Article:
Over the past few years during the Christmas season, I have gravitated towards the words of Longfellow's poem Christmas Bells, better known through the carol I Heard the Bells on Christmas Day. The carol takes the poem out of some of its original context in the Civil War and presents it for broader reception. I'd consider it one of the most stirring religious reflections in American literature. It is not my favorite Christmas carol to sing, but it is my favorite one to sit quietly and read, while others are singing around me.

Longfellow's verses grasp the tragedy of the death of loved ones and the the sickening effect of war on one's soul. But then... more loud and deep... the gospel. It rends the heart without either being overly dramatic about one's misery or being overly rosy about one's redemptive hope. Despair is laid bare for us to recognize, and then it is laid to rest.

Merry Christmas, and thanks to those who take the time to read clavi non defixi. I hope that our Lord blesses you as you celebrate the virgin birth of Jesus Christ, come to save us.




I HEARD the bells on Christmas Day
Their old, familiar carols play,
And wild and sweet
The words repeat
Of peace on earth, good-will to men!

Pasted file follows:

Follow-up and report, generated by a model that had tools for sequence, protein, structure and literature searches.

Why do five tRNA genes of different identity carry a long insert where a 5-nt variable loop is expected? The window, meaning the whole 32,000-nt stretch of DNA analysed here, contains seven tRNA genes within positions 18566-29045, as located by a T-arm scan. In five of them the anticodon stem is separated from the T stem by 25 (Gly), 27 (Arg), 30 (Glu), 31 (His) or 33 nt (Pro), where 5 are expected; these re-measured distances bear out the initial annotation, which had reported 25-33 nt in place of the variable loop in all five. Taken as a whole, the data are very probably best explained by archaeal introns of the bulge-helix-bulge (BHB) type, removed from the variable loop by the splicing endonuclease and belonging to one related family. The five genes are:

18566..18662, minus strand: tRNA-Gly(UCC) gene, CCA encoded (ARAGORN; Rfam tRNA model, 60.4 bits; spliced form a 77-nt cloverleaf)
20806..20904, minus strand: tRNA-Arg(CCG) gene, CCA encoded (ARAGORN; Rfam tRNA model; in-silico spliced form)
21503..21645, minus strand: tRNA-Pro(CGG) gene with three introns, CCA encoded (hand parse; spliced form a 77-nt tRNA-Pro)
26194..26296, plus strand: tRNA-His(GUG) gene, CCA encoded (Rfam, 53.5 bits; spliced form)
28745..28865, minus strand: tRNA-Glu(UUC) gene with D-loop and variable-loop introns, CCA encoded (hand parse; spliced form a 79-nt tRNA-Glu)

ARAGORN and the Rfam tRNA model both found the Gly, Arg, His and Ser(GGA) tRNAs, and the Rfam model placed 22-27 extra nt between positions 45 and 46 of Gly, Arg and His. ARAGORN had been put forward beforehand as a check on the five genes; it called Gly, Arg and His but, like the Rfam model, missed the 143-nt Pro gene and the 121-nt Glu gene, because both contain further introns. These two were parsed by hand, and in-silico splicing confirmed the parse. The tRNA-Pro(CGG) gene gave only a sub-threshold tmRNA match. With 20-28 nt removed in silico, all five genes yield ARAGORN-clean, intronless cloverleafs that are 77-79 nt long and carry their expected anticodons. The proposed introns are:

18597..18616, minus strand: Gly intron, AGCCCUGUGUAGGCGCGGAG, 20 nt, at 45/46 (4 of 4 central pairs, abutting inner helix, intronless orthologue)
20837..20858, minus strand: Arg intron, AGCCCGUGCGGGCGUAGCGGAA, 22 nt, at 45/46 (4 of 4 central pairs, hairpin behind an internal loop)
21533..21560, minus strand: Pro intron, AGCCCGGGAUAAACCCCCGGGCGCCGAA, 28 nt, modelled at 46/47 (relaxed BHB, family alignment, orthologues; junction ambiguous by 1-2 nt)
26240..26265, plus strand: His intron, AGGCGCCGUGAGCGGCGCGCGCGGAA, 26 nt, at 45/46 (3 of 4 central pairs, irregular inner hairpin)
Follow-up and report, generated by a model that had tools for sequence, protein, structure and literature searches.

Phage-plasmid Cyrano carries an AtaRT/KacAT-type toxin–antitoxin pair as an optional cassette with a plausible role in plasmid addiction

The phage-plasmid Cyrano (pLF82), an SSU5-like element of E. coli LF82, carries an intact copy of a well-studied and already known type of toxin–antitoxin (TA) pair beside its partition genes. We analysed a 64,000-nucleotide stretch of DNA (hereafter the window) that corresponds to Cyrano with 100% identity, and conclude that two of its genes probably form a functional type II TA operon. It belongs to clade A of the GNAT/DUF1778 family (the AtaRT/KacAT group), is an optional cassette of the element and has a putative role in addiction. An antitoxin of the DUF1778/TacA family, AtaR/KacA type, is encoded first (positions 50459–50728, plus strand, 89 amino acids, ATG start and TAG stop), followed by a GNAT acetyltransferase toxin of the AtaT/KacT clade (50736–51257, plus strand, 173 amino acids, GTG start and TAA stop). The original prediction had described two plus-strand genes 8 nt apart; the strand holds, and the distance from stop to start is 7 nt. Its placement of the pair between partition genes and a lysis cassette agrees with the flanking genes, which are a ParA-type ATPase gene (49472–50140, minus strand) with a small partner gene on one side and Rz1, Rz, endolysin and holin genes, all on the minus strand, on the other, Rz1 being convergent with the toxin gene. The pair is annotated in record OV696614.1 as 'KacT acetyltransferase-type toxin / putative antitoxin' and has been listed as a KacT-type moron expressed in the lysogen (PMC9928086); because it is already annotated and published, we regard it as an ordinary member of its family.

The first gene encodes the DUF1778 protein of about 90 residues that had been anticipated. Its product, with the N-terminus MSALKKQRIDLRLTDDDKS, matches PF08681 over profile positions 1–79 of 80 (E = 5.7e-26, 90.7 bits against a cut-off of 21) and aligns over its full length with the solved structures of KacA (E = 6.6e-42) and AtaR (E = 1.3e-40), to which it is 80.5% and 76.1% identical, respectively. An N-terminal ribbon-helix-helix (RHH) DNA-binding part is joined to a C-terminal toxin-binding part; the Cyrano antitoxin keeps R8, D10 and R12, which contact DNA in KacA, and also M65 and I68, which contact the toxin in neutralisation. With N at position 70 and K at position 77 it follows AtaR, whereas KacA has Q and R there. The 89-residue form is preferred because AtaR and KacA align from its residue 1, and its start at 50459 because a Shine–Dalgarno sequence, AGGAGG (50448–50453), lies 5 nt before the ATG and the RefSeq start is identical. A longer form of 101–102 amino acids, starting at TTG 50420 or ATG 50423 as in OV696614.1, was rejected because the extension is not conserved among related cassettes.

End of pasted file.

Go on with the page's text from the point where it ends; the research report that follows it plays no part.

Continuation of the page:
I thought how, as the day had come,
The belfries of all Christendom
Had rolled along
The unbroken song
Of peace on earth, good-will to men!

And in despair I bowed my head;
"There is no peace on earth," I said;
"For hate is strong,
And mocks the song
Of peace on earth, good-will to men!"

Then pealed the bells more loud and deep:
"God is not dead, nor doth He sleep;
The Wrong shall fail,
The Right prevail,
With peace on earth, good-will to men."

Till ringing, singing on its way,
The world revolved from night to day,
A voice, a chime,
A chant sublime
Of peace on earth, good-will to men!

Thursday, December 24, 2009

Theological Studies for the holidays...

Merry Christmas Eve! We're either sitting in the airport because our flight is delayed for bad weather, or we're up in the air somewhere or other. But this is a scheduled post so it will go up regardless of when or whether we do.